Checked the plug, and it's 12mm X 1.25

I really hate the idea of trying to tap the head without being able to see the threads.

How much work to pull the head?

If you can find the proper tap, I wouldn't sweat not being able to see the threads as you tap it. All you need be concerned about is making sure the tap starts correctly and it will take it from there. It would probably be best to use a starter tap instead of a bottom tap, but most taps I've seen available that size are all bottom taps.

There's a trick I've read about of setting the piston at or near BDC and filling the cylinder thru the plug hole with shaving creme. Run your tap and any shavings get caught in the creme. When you're done with the tap, you kick the engine over and the piston blows all the creme and any shavings out the plug hole. Probably makes a mess but saves getting anything in the engine.

I need to write the Mythbusters and have them try this.

If you can find the proper tap, I wouldn't sweat not being able to see the threads as you tap it. All you need be concerned about is making sure the tap starts correctly and it will take it from there. It would probably be best to use a starter tap instead of a bottom tap, but most taps I've seen available that size are all bottom taps.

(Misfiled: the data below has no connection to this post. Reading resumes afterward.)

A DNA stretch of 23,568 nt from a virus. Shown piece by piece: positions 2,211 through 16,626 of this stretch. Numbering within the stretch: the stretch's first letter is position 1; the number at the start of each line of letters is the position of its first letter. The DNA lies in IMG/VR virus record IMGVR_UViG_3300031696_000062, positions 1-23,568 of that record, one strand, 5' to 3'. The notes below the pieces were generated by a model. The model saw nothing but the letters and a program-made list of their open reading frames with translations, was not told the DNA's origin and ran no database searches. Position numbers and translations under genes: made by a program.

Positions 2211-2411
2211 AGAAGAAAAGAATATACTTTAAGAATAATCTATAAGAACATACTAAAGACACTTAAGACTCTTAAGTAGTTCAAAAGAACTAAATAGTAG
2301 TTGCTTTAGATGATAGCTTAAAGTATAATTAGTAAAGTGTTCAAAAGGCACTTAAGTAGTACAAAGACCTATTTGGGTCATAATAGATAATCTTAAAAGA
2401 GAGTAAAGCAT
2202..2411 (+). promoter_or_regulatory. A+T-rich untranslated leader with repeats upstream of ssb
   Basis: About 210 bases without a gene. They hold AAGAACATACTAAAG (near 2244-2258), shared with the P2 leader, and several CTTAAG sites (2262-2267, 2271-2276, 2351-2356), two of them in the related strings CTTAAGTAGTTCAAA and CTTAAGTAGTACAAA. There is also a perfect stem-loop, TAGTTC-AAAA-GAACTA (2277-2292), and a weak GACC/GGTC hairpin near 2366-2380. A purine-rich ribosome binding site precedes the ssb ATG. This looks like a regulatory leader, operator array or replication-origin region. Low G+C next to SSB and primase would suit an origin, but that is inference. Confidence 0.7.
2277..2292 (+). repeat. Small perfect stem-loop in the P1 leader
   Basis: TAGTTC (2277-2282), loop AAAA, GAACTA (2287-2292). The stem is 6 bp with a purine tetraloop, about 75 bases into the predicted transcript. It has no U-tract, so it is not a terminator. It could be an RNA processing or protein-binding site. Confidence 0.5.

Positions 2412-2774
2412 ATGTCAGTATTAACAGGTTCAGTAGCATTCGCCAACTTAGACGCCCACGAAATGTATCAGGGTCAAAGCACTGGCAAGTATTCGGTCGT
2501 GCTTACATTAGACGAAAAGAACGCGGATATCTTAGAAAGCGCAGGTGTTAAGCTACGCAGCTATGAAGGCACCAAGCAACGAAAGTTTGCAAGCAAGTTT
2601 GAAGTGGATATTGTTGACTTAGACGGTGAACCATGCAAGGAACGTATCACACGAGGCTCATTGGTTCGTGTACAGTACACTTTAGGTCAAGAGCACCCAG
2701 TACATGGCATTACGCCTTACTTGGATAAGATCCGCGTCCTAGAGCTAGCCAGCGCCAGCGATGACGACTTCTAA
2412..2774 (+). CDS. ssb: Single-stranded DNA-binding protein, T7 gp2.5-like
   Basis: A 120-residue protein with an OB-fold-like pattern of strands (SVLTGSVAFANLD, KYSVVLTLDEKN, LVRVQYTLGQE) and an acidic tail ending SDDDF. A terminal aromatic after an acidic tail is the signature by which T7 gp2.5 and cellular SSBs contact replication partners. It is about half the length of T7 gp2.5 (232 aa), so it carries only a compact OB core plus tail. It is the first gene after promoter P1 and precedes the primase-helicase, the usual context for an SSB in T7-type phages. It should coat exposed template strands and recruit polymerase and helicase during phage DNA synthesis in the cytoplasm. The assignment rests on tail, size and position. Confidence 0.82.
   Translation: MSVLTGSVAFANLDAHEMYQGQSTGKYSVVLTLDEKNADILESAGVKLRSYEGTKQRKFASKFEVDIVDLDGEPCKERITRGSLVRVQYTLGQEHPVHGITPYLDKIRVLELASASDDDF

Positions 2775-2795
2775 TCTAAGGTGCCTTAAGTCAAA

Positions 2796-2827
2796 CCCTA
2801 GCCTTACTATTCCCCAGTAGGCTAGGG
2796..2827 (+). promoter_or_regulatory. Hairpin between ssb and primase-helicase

Since I can thread the plug in a couple of threads by hand, I don't think I would be able to use a Plug Tap since it would be forced to start wrong and would just chew up the rest of the thread. A Taper Tap (starter taps) is rounded off for the first 8-10 threads and would help allign the tap much better. Sounds like the best solution.

Here's a link I found about the different types of taps:

http://pergatory.mit.edu/2.007/Resources/manufacturing/tapping/tapping.html

McGuckins in Boulder carries Taper Taps.

I think I'll pass on the shaving cream thing and just use some grease. ;)

If using a tapered tap, I concerned the TDC thing would be a issue due to clearance of tap (at full insert) to top of piston? Just a note for caution.

Since I can thread the plug in a couple of threads by hand, I don't think I would be able to use a Plug Tap since it would be forced to start wrong and would just chew up the rest of the thread. A Taper Tap (starter taps) is rounded off for the first 8-10 threads and would help allign the tap much better. Sounds like the best solution.

Here's a link I found about the different types of taps:

http://pergatory.mit.edu/2.007/Resources/manufacturing/tapping/tapping.html

McGuckins in Boulder carries Taper Taps.

I think I'll pass on the shaving cream thing and just use some grease. ;)

If using a tapered tap, I concerned the TDC thing would be a issue due to clearance of tap (at full insert) to top of piston? Just a note for caution.

Yes, I think I'll get both the tapered, and the plug taps. Start it with the tapered not at TDC, and then try the plug tap at TDC. Taps are cheap.